A look at the design, market and legacy of Victorian pottery

Sunday, June 27, 2010

Cleaning Majolica



There are two schools of thought when it comes to cleaning antique pottery like the piece above, those who prefer to leave it as found and those who prefer to have a piece that looks almost new.

Many collectors like the look of stained majolica. For them, the staining is part of the piece's history and shouldn't be altered. On the other hand, those who favor a piece that has been cleaned are rewarded with richer, more vibrant color and a closer approximation of the maker's actual intention in designing the piece. As a dealer, I found it was much easier to sell cleaned majolica than stained majolica so I've always been in the "clean majolica" camp.

Majolica is made from a soft, porous, earthenware body that is easily damaged and easily stained. It's very difficult to find a piece new to the market that doesn't have some degree of staining in it. Fat and sugar seem to be the biggest culprits when it comes to ware that was originally meant for use in dining.
I can't tell you how many hundreds of times I've come across sugar bowls that are virtually black in color while their lids are pristine in color. The same condition can be frequently seen in teapots. In both cases the stain has absorbed into the base container while the lid, since it has no real contact with the contents are usually free of discoloration.
Butter pats are notorious for the bad condition in which they are often found. Creamers and platters are also frequently discolored by staining from fats.
The darker the glaze color, the less of an effect the staining has on the majolica but I have found that all of them can benefit from cleaning.

Cleaning majolica is actually a very simple process that doesn't hurt the piece at all if it is done correctly. This is the process I use. Proceed at your own risk! (disclaimer over)

Before deciding if you want to clean a piece of stained majolica, you need to be certain that you are dealing with a piece that has no repair. Cleaning will remove any repair so if you suspect repair you're best to leave the piece alone or take it to a professional who will fix the repair after the cleaning.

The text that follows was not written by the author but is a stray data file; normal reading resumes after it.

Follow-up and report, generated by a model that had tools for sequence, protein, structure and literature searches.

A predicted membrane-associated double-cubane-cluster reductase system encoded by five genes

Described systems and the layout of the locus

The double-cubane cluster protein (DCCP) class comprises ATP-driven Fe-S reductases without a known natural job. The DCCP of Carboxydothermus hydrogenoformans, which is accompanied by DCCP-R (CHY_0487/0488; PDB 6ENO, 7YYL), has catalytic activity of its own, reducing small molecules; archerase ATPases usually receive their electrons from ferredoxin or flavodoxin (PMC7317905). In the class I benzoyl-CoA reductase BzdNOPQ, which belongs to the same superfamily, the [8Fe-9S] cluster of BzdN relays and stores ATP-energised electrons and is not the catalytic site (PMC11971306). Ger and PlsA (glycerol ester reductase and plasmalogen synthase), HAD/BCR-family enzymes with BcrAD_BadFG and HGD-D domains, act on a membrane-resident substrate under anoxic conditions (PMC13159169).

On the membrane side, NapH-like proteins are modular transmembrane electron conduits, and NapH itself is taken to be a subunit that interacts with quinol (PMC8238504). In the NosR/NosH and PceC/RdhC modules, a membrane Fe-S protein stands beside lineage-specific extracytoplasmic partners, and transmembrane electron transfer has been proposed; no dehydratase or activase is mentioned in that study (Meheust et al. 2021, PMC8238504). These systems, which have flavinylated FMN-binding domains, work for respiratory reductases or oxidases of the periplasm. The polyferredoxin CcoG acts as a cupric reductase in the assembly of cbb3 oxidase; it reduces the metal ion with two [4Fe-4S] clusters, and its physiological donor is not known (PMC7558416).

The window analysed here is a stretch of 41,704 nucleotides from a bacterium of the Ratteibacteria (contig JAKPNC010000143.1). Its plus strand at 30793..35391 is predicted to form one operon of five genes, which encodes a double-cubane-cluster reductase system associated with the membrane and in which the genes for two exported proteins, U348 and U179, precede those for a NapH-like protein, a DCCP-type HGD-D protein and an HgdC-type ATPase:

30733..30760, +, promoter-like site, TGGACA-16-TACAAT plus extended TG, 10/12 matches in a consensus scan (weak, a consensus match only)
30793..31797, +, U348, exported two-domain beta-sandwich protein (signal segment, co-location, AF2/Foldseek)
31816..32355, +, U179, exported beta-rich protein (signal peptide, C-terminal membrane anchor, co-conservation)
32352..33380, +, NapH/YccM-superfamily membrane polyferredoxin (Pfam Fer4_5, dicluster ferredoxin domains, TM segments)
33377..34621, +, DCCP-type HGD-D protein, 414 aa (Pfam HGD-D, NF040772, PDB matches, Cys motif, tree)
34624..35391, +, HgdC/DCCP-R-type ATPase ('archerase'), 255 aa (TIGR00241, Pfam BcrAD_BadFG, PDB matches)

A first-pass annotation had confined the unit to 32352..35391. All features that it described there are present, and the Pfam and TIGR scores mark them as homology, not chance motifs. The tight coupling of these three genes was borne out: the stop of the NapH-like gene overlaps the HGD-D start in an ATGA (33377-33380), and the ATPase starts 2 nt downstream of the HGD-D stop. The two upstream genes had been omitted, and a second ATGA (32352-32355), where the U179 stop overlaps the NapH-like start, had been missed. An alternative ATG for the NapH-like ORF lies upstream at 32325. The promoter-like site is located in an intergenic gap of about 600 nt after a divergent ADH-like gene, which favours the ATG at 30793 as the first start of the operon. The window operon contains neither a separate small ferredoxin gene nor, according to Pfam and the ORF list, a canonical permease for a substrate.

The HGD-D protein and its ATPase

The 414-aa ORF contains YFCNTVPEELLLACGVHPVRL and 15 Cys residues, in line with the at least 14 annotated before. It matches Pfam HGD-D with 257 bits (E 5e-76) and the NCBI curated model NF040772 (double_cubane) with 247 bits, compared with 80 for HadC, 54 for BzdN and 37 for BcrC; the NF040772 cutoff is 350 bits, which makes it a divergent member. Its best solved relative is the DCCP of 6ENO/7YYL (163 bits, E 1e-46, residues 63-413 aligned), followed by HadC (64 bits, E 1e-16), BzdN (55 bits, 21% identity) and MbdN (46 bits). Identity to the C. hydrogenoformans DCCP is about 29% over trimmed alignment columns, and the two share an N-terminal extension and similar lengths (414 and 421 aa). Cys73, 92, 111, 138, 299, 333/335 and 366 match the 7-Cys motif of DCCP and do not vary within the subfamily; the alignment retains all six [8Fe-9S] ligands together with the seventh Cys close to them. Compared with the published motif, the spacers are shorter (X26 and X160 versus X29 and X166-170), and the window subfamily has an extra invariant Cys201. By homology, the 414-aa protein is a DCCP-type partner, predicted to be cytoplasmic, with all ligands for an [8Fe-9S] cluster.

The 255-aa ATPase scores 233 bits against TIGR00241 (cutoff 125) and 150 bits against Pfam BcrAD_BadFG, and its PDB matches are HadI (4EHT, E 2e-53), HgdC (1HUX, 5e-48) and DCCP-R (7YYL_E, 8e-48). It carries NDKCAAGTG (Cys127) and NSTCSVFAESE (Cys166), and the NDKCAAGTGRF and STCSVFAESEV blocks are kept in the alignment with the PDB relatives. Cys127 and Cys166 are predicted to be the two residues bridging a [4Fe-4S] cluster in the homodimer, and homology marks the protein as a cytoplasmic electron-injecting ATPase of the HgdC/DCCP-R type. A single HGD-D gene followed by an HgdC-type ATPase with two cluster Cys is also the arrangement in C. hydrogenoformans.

If you are certain you want to proceed with the cleaning you need only six things: an oven, a cookie sheet, a covered, non-metallic container for the vessel or plate to be cleaned, surgical gloves to protect your hands, goggles to protect your eyes and hydrogen peroxide.

Over the years I have used many strengths of hydrogen peroxide to clean majolica. My favorite was a 115 volume clear peroxide I bought in bulk from a beauty supply house, but I have also used strengths of 100 volume, 80 volume and 20 volume that I have bought over the counter at beauty suppliers. The higher the volume, the quicker the cleaner will work but they all work basically the same way. You just need to be sure you are buying the clear peroxide and not the creme peroxide.

Peroxide is a dangerous chemical bleach so when you're using it be sure to use the greatest caution. Avoid contact with your skin because it BURNS, and always wear gloves when you are handling peroxide. It is best practice to also wear goggles when handling it, in case it should splash.

With gloves and goggles on, place the piece to be cleaned inside a container in which the piece can be completely submerged. For plates and platters I find plastic cake carriers turned upside down work very well. For pitchers, plastic beverage containers work well. What ever you use make sure that it has no leaks and a tight cover.

Pour enough of the peroxide into the container to cover the piece then close the container.
Now you leave the peroxide to do its work. In time the peroxide will seep into the pottery and dissolve the stain in the piece. It will also force the fat out of the pottery, but all this takes time. The longer you leave the piece to soak, the cleaner it gets. I usually leave it to soak one or two weeks for a mildly stained piece and a month or more for a more heavily stained piece.

After the soaking period has concluded, remove the piece from the peroxide (gloves on) and dry it lightly with a paper towel. Place the piece onto a cookie sheet (I find jelly roll pans work best) and put it into the center rack of your oven. Then you bake the piece at 175 degrees for 30 minutes. The baking forces the remaining stain out of the piece. I would suggest running your exhaust fan during the baking as the smell that results is most unpleasant.
Remove the piece from the oven and allow it to cool to room temperature.

When you remove the piece from the oven you will find that a lot of brown crud has formed on the surface of the piece. If the discharge is oily, wipe as much off as you can right away or it will partially be reabsorbed by the pottery.. Once the piece has cooled to room temperature, carefully wash it under running water. The brown crud will come right off.

That's it! If there is remaining stain you can repeat the process until it is completely clean. The peroxide can be used a number of times before it becomes depleted.

Many people are reluctant to bake the piece in the oven after soaking. You don't really need to do it to get a clean piece but I find that if you do not bake it a certain amount of the stain will slowly return over time.
Good luck!

2 comments: